SKYDIO is the leading U.S. drone manufacturer and world leader in autonomous flight and was recognized as Company of the Year by Frost & Sullivan, a leader in global research and consulting solutions. This award recognizes companies that demonstrate excellence in visionary innovation performance as well as customer impact. The construction industry is one of the companies that Skydio’s AI-driven autonomous aircraft is deeply impacting — disrupting — by opening up new cases and enabling construction businesses to scale.
Skydio is founded on the premise that autonomy is the key ingredient to unlock drones’ full potential. By transforming drones into intelligent devices that can dynamically understand and adjust to the environment in which they are operated, Skydio is able to provide radically simpler flights and make missions once considered impossible possible.
As drone pilots are working on construction sites across the country, they are discovering the power of autonomy. It is such autonomy that they find helping them in completing a broader range of tasks more efficiently and safely than with the traditional manual drones.
Because pilots have to try to circumvent obstacles by flying higher above ground,
due to the constant risk of crashes associated with manual operations, this makes work less efficient and, therefore, the quality of the data captured is partly sacrificed. In contract, Skydio’s AI-driven collision avoidance and autonomy functionality makes existing jobs faster and more effective and efficient, thereby empowering pilots to provide higher-quality 3D maps at lower-altitude with imagery that has higher resolution.
One of the largest employee-owned construction companies in the country, Sundt, specializes in several construction projects including transportation, commercial building, industrial, and renewable energy. The company is finding they can shorten the length of time between the initial use case and the scaled adoption of drones, which is a common challenge for most drone programs because of the perception that drones are adult toys.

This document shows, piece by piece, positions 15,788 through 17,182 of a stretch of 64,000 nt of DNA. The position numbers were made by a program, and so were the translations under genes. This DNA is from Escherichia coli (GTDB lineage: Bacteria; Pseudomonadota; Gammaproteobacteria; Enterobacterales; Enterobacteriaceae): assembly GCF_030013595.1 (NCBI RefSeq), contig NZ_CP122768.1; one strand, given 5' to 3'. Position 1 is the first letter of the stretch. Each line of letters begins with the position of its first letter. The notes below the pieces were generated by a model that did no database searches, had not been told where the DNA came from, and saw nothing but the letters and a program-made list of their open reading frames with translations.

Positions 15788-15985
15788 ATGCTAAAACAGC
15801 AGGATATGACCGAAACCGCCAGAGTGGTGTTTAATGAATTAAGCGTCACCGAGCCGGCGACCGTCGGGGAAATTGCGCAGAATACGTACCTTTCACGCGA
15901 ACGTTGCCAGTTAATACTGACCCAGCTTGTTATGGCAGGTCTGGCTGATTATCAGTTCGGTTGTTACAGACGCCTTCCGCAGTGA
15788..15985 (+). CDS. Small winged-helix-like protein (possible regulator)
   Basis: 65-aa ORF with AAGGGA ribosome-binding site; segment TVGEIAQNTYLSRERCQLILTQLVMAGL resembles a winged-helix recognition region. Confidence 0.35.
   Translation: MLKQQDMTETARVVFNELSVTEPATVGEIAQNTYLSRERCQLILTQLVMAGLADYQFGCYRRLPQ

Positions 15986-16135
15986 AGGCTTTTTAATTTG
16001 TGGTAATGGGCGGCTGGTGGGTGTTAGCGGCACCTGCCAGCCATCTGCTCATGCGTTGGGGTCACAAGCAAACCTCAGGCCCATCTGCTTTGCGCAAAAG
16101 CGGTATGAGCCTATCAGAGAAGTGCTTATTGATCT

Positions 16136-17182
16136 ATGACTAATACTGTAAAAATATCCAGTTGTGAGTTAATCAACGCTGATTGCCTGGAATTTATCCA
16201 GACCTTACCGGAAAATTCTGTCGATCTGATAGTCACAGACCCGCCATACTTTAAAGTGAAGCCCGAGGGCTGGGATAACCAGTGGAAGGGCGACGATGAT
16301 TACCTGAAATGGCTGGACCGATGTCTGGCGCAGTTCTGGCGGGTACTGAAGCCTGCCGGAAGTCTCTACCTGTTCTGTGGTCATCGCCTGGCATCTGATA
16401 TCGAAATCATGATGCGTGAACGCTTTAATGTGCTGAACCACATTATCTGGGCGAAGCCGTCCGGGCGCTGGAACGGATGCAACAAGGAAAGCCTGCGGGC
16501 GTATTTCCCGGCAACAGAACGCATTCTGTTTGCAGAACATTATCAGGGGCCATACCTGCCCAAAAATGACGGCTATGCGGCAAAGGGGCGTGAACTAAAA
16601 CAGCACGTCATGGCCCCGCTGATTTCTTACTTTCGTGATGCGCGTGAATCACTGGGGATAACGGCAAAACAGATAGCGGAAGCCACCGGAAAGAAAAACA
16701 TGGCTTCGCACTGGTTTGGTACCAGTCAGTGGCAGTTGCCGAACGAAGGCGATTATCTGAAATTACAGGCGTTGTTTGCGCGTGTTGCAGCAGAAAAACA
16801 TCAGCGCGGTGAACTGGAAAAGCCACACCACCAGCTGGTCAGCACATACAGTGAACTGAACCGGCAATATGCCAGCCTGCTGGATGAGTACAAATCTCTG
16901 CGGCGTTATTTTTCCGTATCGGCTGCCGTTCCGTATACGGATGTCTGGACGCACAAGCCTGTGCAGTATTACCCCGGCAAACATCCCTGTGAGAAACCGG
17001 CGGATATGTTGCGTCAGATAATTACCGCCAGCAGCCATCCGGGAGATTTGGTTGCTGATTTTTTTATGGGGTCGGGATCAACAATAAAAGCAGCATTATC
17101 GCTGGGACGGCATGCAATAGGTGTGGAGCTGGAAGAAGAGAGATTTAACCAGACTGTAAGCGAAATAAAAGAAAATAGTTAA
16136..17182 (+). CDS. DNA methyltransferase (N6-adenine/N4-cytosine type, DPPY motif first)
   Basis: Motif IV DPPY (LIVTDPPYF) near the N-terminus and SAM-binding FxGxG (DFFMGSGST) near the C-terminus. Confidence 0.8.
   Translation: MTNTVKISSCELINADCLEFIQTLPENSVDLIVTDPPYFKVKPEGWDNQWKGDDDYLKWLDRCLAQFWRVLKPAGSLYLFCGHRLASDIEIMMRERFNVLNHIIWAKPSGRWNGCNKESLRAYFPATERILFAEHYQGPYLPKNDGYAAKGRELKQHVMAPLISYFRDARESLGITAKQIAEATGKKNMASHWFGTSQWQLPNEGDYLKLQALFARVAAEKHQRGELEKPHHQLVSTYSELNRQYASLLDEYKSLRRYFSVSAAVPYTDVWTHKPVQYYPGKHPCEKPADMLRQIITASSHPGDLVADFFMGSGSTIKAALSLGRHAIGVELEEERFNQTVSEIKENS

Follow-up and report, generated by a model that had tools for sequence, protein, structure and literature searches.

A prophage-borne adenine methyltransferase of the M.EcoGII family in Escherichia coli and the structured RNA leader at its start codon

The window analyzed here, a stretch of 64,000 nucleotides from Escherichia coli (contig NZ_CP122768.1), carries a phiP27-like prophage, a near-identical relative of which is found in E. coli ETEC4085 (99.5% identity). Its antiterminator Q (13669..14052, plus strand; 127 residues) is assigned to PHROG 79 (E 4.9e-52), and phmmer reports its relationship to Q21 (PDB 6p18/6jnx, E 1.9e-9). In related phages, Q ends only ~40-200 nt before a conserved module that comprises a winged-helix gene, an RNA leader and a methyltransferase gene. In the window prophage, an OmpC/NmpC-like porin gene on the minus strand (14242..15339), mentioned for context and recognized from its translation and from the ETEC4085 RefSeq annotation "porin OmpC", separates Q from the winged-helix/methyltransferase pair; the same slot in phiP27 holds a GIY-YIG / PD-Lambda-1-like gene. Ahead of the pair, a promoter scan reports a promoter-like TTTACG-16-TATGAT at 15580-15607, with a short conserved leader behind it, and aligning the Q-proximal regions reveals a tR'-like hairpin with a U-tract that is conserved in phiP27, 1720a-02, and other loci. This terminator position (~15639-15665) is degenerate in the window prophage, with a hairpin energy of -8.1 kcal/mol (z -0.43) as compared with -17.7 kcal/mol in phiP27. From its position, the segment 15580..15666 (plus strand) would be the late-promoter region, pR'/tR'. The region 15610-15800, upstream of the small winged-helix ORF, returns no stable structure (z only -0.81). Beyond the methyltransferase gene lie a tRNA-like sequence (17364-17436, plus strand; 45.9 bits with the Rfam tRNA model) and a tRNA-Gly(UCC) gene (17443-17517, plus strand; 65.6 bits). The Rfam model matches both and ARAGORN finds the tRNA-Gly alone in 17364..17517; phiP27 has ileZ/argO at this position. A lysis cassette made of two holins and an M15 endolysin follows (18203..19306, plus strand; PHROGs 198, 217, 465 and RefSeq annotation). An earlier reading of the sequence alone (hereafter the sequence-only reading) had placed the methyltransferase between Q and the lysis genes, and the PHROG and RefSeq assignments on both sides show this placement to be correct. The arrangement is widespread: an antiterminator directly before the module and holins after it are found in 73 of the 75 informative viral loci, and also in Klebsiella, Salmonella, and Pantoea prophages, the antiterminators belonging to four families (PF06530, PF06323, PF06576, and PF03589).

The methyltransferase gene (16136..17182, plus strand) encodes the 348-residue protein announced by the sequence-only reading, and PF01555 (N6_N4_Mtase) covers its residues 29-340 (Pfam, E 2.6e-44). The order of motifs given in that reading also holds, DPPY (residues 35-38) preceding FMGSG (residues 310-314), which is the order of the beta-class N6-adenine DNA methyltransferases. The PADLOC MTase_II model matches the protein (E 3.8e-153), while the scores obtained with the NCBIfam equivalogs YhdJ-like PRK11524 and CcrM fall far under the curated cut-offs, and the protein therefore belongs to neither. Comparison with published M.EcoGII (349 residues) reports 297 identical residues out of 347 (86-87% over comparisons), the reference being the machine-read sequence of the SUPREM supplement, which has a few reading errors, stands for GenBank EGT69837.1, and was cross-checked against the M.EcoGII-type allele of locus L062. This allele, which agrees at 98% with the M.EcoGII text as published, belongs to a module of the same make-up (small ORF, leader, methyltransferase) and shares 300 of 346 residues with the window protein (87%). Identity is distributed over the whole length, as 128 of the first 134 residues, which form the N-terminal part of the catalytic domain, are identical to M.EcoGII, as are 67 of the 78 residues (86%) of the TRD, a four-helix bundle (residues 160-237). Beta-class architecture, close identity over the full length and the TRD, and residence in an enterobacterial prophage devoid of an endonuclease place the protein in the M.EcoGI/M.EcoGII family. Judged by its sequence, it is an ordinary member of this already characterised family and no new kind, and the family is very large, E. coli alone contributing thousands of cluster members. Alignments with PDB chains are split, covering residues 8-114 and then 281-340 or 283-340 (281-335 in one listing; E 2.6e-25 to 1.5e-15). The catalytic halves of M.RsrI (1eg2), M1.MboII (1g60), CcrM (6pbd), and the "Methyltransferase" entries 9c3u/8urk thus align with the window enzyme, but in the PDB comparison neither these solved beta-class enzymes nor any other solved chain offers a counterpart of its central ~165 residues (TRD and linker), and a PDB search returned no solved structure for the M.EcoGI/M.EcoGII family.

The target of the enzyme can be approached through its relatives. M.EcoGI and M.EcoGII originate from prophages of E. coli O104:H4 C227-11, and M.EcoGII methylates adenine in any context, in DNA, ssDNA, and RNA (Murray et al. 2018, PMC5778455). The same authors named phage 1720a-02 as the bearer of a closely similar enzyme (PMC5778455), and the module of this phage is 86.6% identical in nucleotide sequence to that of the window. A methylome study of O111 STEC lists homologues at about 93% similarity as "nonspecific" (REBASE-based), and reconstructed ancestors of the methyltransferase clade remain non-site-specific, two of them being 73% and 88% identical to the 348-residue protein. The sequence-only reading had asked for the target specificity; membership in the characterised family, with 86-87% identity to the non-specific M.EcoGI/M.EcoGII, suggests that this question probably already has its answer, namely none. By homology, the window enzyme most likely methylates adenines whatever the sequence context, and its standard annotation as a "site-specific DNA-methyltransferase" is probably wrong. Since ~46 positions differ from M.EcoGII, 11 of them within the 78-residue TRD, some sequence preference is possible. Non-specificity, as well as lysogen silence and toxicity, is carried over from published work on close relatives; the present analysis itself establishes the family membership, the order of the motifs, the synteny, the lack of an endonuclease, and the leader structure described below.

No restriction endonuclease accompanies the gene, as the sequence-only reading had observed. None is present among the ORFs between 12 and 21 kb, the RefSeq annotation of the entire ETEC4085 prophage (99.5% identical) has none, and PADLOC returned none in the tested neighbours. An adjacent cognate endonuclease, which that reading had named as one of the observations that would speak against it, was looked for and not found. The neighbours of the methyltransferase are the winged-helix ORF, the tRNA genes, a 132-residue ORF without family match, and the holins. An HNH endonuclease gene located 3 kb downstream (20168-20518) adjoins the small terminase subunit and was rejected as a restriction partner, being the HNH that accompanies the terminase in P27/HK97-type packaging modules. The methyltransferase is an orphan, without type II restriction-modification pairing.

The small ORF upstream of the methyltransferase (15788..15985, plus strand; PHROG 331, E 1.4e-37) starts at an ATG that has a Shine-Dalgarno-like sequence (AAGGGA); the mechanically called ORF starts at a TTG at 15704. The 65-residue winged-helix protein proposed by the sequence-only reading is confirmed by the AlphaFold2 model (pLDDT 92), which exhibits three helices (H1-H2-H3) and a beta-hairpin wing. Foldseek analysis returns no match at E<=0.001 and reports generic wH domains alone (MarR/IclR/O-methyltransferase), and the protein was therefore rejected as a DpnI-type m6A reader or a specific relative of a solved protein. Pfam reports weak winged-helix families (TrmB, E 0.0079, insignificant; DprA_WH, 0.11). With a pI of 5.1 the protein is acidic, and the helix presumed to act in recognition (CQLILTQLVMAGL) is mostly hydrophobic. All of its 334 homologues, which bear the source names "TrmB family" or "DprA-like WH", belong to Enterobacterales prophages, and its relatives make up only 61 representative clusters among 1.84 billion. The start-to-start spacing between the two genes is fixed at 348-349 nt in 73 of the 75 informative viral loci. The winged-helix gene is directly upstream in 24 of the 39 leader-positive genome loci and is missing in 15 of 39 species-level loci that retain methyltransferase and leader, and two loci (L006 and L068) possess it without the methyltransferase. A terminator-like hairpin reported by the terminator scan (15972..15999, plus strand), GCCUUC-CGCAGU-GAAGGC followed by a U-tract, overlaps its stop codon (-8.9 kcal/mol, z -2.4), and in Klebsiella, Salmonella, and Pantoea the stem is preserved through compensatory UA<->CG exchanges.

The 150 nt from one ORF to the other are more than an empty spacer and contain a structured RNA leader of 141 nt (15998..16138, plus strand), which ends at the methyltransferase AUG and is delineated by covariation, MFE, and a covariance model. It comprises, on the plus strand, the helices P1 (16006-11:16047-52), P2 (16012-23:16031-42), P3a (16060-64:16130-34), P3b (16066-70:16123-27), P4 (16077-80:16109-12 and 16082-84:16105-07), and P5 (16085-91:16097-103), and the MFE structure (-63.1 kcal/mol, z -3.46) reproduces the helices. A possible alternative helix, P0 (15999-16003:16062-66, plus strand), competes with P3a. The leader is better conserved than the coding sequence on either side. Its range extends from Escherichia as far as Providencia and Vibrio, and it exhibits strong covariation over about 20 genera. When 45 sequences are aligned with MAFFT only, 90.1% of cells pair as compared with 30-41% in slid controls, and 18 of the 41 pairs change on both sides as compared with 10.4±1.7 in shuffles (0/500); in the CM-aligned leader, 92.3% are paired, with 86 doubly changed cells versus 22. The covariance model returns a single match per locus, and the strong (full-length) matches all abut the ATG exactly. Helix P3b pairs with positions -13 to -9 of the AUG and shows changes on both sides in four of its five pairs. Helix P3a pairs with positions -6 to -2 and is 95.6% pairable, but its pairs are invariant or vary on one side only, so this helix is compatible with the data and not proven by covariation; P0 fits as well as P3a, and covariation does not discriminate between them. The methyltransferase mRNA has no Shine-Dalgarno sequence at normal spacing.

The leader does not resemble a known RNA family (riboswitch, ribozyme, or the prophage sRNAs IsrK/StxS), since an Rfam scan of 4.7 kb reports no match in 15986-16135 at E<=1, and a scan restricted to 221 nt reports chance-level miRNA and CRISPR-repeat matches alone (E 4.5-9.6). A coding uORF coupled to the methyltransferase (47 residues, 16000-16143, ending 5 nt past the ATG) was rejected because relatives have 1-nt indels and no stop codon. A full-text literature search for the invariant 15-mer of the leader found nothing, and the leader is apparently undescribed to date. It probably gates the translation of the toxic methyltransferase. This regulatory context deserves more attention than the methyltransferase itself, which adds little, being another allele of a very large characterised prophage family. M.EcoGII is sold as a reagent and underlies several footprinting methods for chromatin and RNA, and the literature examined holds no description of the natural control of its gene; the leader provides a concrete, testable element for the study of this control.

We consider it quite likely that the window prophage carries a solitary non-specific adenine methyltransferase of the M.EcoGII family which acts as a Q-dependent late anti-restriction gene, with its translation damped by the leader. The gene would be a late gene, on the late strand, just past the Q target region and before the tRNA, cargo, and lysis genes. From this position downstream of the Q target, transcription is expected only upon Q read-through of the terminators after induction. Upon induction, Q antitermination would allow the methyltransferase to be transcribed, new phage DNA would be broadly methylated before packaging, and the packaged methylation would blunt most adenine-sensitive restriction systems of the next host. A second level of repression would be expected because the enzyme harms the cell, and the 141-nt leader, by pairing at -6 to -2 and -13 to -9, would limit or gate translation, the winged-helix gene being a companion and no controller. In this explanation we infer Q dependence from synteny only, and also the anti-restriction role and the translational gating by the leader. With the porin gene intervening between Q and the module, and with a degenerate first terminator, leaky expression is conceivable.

Dean Miller, Virtual Construction Engineer at Sundt, explained:
“Everybody on project teams have a huge workload. They’re looking for technologies that are going to take responsibilities away and reduce their workload immediately. However, drones require a lot of work upfront, for instance, you have to get your Part 107 with the FAA and you need training. This means it takes time for drone programs to start showing results. But as more people adopt drone technology and see results, we are seeing growth in use cases and users. After years of demonstrating the benefits of drones to our project teams, we are now seeing an exponential adoption of drones into our business.”*
Miller has found that once those programs are adopted and operating, virtually every stage of the process can benefit from drone use from business development and research to project management and documentation. Obviously, it is much easier to win a job, manage and track each stage of a project, and maintain accurate in-depth records of the final product when there is accurate data that is captured in real-time by a drone.
As businesses are beginning to realize the value of adopting drones in industry sectors like construction, it is still a challenge because most drones are flown manually, and piloting a drone safely requires skill, especially when flying around a construction site where there are continuous moving parts and machinery. This means that in order to make sure pilots have the skills necessary to safely maneuver in a construction site, extensive, and time-consuming training, is required.
This is one of the many reasons why companies like Skydio see autonomous flight as the only avenue for truly scaling operations. Companies like Sundt are already realizing how Skydio is improving their workflows and enabling operations to scale in significant ways. Commercial UAV News spoke with Miller and Delepine to learn more about how Skydio is changing the construction business.
One of the initial benefits of using Skydio drones in commercial applications is the speed at which pilots get up and running, shortening the time it takes to get scaled drone programs off the ground. Sundt has been able to significantly shorten the length of time to train their pilots.
Miller told Commercial UAV News:
“Training new pilots on a Skydio drone has reduced our training time by nearly half. This is huge. It normally takes me six to seven hours to train someone, now I can train someone in three.”*
By reducing that time by half, companies can adjust programs and expect to see results that much sooner. Miller reported time savings in other ways as well:
“If you’ve ever flown a DJI drone you know that they have their own no fly areas. Even if you have your approvals to fly by the FAA, you still have to get clearance through DJI, which can take time and can delay projects for hours or even days. Skydio trusts that the pilot has done the background work and has gotten that airspace authorization.
There’s usually a lot of startup and calibration required for most drones. When time is of the essence, whether it is on a job site or you’re predicting inclement weather, those minutes are absolutely crucial. The job site is always flowing and changing, being able to capture a moment in time is essential.”*
In addition to time savings, Skydio’s AI and Computer vision has also made a significant difference in where Sundt can fly now that AI & Computer Vision is available.